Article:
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    Marine Archaeologists Dig Out Ruined Temple in Egypt’s Legendary Sunken City of Heracleion

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    In a recent expedition, archaeologists focused on two ancient sunken settlements - Canopus and Heracleion, which was discovered 10 metres beneath the Abu Qir Bay, near Alexandria, in 2000.

    Having combed for two months through the remains of Heracleion and Canopus by the Nile Delta, marine archaeologists have stumbled upon the remains of a temple and a number of boats filled with coins and jewellery, Egypt's Ministry of Antiquities reported, noting that a sophisticated scanning device had been used to uncover new parts of the unique historic settlements lying deep underwater.

    Among the newly detected treasures are parts of a smaller Greek temple, pottery, and columns dating to the 3rd and 4th centuries BC, along with bronze coins from King Ptolemy II’s era that spanned nearly 40 years (283 to 246 BC).

    The team not only found a network of new ports to be added to the already known map of the city, but also extended scientific knowledge of Canopus, another sunken port in the area near Heracleion, which was likewise discovered to house a sizeable stash of precious items, including rings and earrings.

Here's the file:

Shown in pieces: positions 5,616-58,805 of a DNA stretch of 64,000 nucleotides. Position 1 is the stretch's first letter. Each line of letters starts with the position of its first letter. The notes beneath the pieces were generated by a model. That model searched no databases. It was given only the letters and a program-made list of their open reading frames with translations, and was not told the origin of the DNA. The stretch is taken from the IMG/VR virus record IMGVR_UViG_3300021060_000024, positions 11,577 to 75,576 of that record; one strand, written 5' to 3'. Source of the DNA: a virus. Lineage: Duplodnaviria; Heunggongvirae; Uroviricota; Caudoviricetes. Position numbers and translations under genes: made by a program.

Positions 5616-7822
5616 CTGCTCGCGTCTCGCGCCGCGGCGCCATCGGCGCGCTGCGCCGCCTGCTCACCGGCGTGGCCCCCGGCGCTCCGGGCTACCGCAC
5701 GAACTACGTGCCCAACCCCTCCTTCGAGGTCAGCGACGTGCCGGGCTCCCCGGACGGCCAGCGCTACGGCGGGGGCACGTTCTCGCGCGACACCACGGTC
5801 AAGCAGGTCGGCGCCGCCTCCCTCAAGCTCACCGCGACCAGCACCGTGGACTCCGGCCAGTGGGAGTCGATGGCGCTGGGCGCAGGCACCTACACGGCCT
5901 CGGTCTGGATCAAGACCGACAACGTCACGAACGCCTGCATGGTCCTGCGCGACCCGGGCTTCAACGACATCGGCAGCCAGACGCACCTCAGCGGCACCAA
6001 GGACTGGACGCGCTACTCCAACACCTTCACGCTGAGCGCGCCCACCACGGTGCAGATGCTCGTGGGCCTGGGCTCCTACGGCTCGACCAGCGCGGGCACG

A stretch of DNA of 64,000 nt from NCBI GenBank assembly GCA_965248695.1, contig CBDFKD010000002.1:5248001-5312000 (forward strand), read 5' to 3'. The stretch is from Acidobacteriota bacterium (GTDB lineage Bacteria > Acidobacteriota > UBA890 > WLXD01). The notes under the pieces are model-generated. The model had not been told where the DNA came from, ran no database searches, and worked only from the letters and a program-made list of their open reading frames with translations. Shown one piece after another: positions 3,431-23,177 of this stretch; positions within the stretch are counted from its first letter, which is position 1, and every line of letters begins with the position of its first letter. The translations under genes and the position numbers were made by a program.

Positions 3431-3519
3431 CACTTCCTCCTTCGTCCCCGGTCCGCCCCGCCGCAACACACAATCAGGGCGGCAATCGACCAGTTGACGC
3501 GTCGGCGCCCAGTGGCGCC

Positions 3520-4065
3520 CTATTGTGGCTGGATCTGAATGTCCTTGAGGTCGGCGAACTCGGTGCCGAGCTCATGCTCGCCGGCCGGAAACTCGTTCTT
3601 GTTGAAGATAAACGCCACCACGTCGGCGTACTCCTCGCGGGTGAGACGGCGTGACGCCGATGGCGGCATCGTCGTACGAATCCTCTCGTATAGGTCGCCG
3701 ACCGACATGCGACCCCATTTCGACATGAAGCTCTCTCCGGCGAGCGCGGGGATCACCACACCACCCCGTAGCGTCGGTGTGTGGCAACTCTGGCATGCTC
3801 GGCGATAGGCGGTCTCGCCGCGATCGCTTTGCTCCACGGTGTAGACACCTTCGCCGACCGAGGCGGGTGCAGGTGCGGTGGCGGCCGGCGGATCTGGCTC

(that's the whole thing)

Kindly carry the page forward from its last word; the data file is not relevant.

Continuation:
In a separate aspect of their research, archaeologists focused their efforts on sunken vessels and even managed to excavate one fully, finding such artefacts as crockery, coins, and jewellery that had lain hidden ever since its apparent wreck in the 4th century BC.

    The sunken city of Heracleion, known by its Egyptian name as Thonis, had lied untouched for thousands of years beneath the Abu Qir Bay near the Canopic Mouth of the Nile, about 32 km northeast of Alexandria. It was mapped only in 2000 and numerous expeditions have since headed to the place to reveal its secrets.

    Egypt’s Ministry of Antiquities has proudly reported on quite a few headline-making discoveries as of late, including an ancient tomb housing over 30 mummies, the intriguing remains of a squatting teenage girl at the site of a 4,600 year-old-pyramid, as well as another 3,500-year-old tomb located on Luxor’s west bank. In a separate breakthrough archaeological venture, Polish scientists unearthed the over 2,000-year-old port city of Marea, southwest of the ancient Egyptian stronghold of Alexandria - the alleged hotspot of early Christianity in Egypt.

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    coins, Temple, Science, research, archaeology, ancient Egypt
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